“Go, go, go said the bird”: Hannah Silva in conversation with Alan Alpenfelt of Human Kind Records
Go, go, go said the bird: human kind
Cannot bear very much reality.
Time past and time future
What might have been and what has been
Point to one end, which is always present.
– T.S. Eliot, The Four Quartets
Hannah Silva interviews Alan Alpenfelt of Human Kind Records, a new Swiss record label founded to produce poetry and music, spoken word and sound, sound poetry and grooves. Silva is Human Kind’s flagship artist, ‘Talk in a bit’ is released this May.
HS: How did your interest in bringing together words and sound begin?
AA: I’ve been thinking about this quite a lot – I think it comes from the fact that I was born from a Scottish mother and Italian father, but neither were in their native countries, they’ve always been migrants. I was born into different languages. I spoke English with my mum and Italian with my dad – although my dad was Swedish at the time. I’ve always had a nomadic sense of home. I don’t speak any one language well, I speak lots of languages but I can’t say there’s one I feel at home in. Often I want to say something and the words don’t come, they come out in other languages, I say something in the wrong way and words and sentences don’t always mean what I think they do. This home-ness of a language is something I’ve always been missing.This home-ness of a language is something I’ve always been missing. Click To Tweet
Is it this search for a home within language that attracts you to poetry?
When I would read poetry I was always a bit scared by it. I always thought it was something extremely deep. I felt a kind of attraction towards it. An attraction towards something I don’t understand completely. I felt maybe that’s where I could find a home inside language. Poetry is something I experience not by logic but by an intuitive understanding. I feel this is something really beautiful but I don’t grasp it entirely. For example T.S. Eliot, he’s one of those authors, sometimes I open it and read and try to understand it, and I don’t completely, but I love it, I enjoy it more than something that I read and understand. I’m living inside some kind of waters that I feel at home with in poetry but I don’t completely understand – which is also how I experience my reality in the world.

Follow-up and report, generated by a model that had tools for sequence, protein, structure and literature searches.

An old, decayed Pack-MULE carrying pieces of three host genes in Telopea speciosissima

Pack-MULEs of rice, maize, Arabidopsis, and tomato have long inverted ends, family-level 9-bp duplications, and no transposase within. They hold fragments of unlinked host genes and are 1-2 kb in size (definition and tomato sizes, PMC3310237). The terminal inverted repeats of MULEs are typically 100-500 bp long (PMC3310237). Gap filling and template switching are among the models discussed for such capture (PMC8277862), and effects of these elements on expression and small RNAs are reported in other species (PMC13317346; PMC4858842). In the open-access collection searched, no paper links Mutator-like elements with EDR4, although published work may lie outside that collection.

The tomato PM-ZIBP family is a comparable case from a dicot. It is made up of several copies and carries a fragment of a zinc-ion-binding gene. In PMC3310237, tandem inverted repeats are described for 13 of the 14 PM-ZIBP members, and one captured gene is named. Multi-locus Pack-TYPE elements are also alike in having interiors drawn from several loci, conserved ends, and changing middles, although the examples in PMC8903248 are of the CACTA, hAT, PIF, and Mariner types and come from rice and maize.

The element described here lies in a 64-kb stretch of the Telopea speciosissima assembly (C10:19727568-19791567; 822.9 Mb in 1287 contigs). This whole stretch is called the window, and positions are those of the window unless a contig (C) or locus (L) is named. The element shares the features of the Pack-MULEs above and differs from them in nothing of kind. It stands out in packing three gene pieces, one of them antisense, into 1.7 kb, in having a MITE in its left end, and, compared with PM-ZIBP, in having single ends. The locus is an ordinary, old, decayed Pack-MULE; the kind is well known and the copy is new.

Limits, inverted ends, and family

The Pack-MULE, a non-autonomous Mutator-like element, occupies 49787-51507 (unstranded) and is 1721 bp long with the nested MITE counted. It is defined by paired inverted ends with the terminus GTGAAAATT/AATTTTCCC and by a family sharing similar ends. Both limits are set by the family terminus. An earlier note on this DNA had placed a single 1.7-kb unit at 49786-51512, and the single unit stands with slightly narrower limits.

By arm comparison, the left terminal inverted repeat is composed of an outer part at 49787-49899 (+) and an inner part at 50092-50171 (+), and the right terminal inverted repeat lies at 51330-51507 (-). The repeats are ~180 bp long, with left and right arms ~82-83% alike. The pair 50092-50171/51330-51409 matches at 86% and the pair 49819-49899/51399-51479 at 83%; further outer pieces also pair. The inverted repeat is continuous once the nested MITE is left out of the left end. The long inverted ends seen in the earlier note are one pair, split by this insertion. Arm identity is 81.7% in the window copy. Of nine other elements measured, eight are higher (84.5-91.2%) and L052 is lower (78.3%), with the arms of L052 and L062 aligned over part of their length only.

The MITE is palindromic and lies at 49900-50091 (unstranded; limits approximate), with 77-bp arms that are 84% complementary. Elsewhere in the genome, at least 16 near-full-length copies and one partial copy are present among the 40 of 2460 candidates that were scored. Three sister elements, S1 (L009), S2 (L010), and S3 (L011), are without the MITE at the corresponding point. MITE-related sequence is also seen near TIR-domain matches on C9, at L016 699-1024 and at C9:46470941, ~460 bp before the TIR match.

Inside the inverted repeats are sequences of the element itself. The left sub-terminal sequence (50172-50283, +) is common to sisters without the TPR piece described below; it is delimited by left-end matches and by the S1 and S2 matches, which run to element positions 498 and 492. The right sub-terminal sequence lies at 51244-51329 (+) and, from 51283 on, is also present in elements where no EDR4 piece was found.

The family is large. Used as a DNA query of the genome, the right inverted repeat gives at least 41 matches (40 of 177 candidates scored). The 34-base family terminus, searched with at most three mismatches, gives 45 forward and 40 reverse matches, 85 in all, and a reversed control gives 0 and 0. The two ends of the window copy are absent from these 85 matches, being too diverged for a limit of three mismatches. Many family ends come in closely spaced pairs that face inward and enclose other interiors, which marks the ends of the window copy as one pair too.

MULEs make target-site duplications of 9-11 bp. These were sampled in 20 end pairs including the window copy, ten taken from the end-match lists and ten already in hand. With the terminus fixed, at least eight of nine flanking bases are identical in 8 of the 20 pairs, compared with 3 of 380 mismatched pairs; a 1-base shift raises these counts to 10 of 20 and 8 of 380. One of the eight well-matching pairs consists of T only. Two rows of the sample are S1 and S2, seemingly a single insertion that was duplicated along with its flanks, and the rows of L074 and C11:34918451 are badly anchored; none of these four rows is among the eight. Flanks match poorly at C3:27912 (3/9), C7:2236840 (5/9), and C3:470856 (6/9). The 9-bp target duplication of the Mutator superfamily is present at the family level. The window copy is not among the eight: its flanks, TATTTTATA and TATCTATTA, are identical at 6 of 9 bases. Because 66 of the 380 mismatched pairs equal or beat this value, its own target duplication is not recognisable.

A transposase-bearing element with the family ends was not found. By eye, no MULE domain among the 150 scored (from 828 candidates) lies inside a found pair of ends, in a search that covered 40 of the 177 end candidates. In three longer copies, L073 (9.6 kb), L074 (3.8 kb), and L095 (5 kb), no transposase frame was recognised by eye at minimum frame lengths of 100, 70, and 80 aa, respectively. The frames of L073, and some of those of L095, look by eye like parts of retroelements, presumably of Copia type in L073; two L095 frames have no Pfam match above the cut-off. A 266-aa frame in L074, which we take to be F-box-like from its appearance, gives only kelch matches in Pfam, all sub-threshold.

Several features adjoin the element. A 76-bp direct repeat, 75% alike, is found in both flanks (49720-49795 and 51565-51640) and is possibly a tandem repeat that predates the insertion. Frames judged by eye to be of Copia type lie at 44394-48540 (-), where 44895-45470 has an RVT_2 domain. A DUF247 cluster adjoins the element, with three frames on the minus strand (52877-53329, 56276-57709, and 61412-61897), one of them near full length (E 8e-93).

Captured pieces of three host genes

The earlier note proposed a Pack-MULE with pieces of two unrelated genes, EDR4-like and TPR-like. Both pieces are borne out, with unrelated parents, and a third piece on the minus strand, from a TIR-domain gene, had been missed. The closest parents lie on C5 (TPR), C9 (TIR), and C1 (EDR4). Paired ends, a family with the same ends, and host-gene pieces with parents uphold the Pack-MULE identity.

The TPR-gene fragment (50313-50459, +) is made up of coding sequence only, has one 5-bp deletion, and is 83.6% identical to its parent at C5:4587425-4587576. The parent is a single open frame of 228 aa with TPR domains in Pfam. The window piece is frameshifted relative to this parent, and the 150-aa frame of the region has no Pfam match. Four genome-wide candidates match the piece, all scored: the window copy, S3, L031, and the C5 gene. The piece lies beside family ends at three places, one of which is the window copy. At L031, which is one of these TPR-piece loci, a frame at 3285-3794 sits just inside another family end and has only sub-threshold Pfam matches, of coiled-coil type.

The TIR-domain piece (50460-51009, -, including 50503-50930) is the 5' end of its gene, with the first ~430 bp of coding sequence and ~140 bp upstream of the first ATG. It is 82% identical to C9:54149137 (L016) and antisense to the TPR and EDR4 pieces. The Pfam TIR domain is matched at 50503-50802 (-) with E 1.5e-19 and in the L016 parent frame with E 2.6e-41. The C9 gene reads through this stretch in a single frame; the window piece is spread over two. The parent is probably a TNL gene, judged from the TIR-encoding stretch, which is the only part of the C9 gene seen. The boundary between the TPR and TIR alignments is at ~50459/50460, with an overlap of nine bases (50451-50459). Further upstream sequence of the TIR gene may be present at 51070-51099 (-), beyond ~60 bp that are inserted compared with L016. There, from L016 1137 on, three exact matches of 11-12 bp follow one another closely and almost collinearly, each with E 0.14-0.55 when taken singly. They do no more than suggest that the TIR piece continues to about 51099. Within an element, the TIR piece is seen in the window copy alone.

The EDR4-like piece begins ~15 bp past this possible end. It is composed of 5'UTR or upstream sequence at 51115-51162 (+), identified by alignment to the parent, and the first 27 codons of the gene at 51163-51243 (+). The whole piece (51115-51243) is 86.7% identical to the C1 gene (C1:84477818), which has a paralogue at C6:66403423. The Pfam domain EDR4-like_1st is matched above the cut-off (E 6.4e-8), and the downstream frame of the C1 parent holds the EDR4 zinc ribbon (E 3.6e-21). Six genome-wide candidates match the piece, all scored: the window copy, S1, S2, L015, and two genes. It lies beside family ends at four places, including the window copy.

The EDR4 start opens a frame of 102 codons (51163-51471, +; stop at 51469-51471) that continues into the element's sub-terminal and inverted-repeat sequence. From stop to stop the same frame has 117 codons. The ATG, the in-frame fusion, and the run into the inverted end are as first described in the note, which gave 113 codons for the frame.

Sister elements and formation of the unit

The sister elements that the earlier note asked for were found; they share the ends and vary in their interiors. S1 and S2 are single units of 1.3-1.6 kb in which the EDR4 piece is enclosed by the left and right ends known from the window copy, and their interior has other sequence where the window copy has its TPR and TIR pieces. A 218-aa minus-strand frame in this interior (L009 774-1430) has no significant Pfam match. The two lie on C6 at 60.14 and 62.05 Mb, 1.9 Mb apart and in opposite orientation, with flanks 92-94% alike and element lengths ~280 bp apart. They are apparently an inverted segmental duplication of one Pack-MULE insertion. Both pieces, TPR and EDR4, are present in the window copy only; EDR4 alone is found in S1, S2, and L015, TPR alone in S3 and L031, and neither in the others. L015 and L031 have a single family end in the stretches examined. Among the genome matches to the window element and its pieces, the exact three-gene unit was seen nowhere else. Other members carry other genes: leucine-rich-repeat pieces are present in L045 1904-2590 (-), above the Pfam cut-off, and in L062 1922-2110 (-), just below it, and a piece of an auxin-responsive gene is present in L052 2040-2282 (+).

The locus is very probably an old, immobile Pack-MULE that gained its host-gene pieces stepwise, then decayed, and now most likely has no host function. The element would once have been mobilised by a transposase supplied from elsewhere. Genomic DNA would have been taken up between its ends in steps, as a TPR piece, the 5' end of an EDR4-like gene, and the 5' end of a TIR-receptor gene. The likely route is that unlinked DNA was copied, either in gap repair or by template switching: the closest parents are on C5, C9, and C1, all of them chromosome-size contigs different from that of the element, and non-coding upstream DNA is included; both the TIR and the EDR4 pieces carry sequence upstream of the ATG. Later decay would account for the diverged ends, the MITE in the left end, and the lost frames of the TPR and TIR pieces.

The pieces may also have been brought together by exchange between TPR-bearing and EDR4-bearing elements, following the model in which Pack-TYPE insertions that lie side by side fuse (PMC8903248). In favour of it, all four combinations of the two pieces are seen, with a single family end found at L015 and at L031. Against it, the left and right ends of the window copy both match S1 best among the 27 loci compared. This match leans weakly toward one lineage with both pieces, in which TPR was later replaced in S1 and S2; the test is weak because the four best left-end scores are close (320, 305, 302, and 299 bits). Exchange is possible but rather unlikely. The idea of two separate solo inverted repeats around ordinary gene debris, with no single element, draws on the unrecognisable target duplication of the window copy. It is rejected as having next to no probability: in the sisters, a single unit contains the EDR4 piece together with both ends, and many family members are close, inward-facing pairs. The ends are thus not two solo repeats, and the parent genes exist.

Does music function as a more understandable language or is it a similar experience?
The same thing happens with music. I’ve always been attracted to music. Not to image, to visual things because the visual, TV and film, it gives me everything. You see it, you listen to it, it’s on a silver plate, fine. For me music has always been something you dive into and it makes images in your head, I can make my own images, it pushes my imagination, like poetry. I don’t completely understand either but I feel at home in them.
When did you start working for a record label?
I’ve lived nearly all my life in the German speaking part of Switzerland. Switzerland is complicated because we have four languages, but we all speak English together when we have to communicate. It’s strange I’ve ended up here, it’s perfect but confusing. We went down to the Italian speaking part. I’ve always been attracted to independent, underground culture, experimental stuff. I found out about the record label Pulver und Asche. I asked if they needed a hand. They were the only experimental records that were being made in that region. As the music is so difficult to understand immediately, what Pulver und Asche did was produce very beautiful graphics, covers and illustrations, they were adding that value to it. You get the record but also something beautiful to look at, conceptually strong with the content.
I’ve always been very interested in radio – music, poetry, radio, I like everything that hasn’t got a clear image and moves something inside. I started reading Samuel Beckett’s radio plays and I decided to stage one, which was Words and Music. That was my first work or experiment in which I put together music and poetry. It’s a very poetic text. We staged it and it was selected at the Geneva Swiss Theatre Encounter, they select the seven best shows in Switzerland. I started to work more and more with these two worlds and began to merge them. I would hear sound poetry sometimes, for instance on BBC Radio 3’s Late Junction, and there’s the 1920s futurist experimentations, and Beckett. My antennas have always gone “zzzz”! I just find it extremely interesting, you can’t understand immediately in the moment but it whirls around you in a certain way, it whirls around you, it’s an intuition, a feeling.
What prompted you to start Human Kind Records?